Finally we arrived at the park entrance. Fees were posted outside, and since I had my purse handy, I went inside and Margaret found a place to park the car. I studied Spanish for two semesters at Brandeis, and then immediately forgot everything. So…while I have had a bit of an introduction to the language, it’s most accurate to say I am not at all fluent in Espanol. But after a few days, I’m beginning to get the gist of things. So, I was proud of myself to complete the transaction solo. The Park official asked if we were hiking, and when I agreed, he explained that it’s moderately difficult and it’s 7 kilometers. He explained how much elevation gain and that it typically took 3.5 hours to reach the three lakes. He kept checking in with me “Do you understand? Is that good?” I think he was just making sure we knew what we were getting into. I understood him (entiendo) and asked about the fee, explained that there were two adults, and paid in exact change. He wished us a good hike, gave us a receipt, and we were good to go. The entire conversation was in Spanish.

Off we went, and I admit I was giddy with happiness. On vacation in another country AND hiking AND good company. Margaret and I seem to never run out of things to talk about, and we’re both so open to taking on whatever adventure presents itself. So we hit the trail at about 10:30 am at about 2300 feet in elevation. We walked along the shores of Tinquilco Lake and I could never quite get a decent shot because we were in the trees. Both of us remarked on how we did not anticipate seeing so much bamboo. We loved the huge fuchsias growing wild and taller than we are. We liked a tree that had needles like a Yew, and bark that peeled off in puzzle piece shapes. The sun continued to shine and light up the lake (I could see it through the trees), and I crossed my fingers that there would still be sun when we finally broke out of the trees.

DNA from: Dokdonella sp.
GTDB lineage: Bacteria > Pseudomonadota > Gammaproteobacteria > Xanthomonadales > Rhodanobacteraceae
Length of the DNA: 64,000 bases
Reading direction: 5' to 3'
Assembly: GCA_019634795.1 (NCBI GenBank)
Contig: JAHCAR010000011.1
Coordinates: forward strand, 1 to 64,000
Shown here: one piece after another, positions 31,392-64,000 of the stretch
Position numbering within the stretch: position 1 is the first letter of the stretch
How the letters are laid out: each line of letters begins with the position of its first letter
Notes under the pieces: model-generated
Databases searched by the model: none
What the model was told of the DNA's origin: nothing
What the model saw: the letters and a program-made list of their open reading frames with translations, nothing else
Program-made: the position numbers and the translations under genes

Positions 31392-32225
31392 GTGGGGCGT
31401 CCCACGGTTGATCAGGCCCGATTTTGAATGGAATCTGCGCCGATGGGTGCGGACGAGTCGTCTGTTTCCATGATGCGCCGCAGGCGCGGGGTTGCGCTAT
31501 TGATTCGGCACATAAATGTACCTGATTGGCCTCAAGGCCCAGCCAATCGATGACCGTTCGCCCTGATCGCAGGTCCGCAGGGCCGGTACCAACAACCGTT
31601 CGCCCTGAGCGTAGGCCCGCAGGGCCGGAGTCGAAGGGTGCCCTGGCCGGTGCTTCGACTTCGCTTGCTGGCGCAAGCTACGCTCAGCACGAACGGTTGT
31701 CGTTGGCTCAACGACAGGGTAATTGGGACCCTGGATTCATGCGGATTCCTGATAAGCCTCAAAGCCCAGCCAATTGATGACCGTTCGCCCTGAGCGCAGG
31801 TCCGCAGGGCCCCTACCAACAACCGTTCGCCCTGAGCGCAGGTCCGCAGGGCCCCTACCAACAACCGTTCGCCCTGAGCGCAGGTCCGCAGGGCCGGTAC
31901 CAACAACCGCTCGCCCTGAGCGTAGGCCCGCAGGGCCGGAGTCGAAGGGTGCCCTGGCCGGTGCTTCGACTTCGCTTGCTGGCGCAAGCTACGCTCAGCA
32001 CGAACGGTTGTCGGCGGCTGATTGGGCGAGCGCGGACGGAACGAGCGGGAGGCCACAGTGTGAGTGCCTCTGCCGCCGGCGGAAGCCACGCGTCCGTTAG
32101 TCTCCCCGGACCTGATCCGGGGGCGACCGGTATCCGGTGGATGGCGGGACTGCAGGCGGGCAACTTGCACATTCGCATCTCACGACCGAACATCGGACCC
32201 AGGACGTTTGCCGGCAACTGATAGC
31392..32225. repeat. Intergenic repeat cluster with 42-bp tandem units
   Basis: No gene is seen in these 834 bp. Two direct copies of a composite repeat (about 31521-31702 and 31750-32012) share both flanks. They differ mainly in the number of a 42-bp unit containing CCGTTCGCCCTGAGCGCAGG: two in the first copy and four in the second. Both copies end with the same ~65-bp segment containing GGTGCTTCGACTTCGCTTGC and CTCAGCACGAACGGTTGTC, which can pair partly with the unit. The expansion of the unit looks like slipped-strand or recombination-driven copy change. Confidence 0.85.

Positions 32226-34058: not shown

Interestingly, the trail took us back to a gravel road after a half mile walk, and we were soon strolling past grazing sheep and cute little homes and fenced fields. Scotch broom is in bloom, wild roses, pussywillow, purple and yellow lupine, and foxglove. It’s late spring in Chile and it’s just wonderful. So imagine the most idyllic pastoral scenes: clipped grass slopes with sheep or cattle, eucalyptus trees fluttering in the breeze, little wooden cabins with lovingly attended landscaping. We crossed a creek on a wooden bridge, and finally struck out on the trail in earnest.

This is typical of the scenes we saw while walking along the gravel road part of the trail.

This is typical of the scenes we saw while walking along the gravel road part of the trail.

A river near Lago Tinquilco

A river near Lago Tinquilco

The sheep had recently been shorn and I could see the marks from the clippers in their wool.

The sheep had recently been shorn and I could see the marks from the clippers in their wool.

Bamboo was one of the primary trees in the forest, to our surprise.

Bamboo was one of the primary trees in the forest, to our surprise.

Baby bamboo sprout. Isn't it remarkable?

Baby bamboo sprout. Isn’t it remarkable?

The climb was rather steep, and our breath was coming faster early in the hike. We made several switchbacks and were treated to multiple views of Lago Tinquilco as we climbed. Then, it began to rain. Lightly at first, and gradually, as the day progressed, it got colder and the rain became more insistent. We added all our layers of clothing and continued to climb.

A trail to the side was marked, and we decided to head over to see the first Cascada (waterfall). It was an impressive waterfall, and this is coming from a woman who lives in the Columbia River Gorge.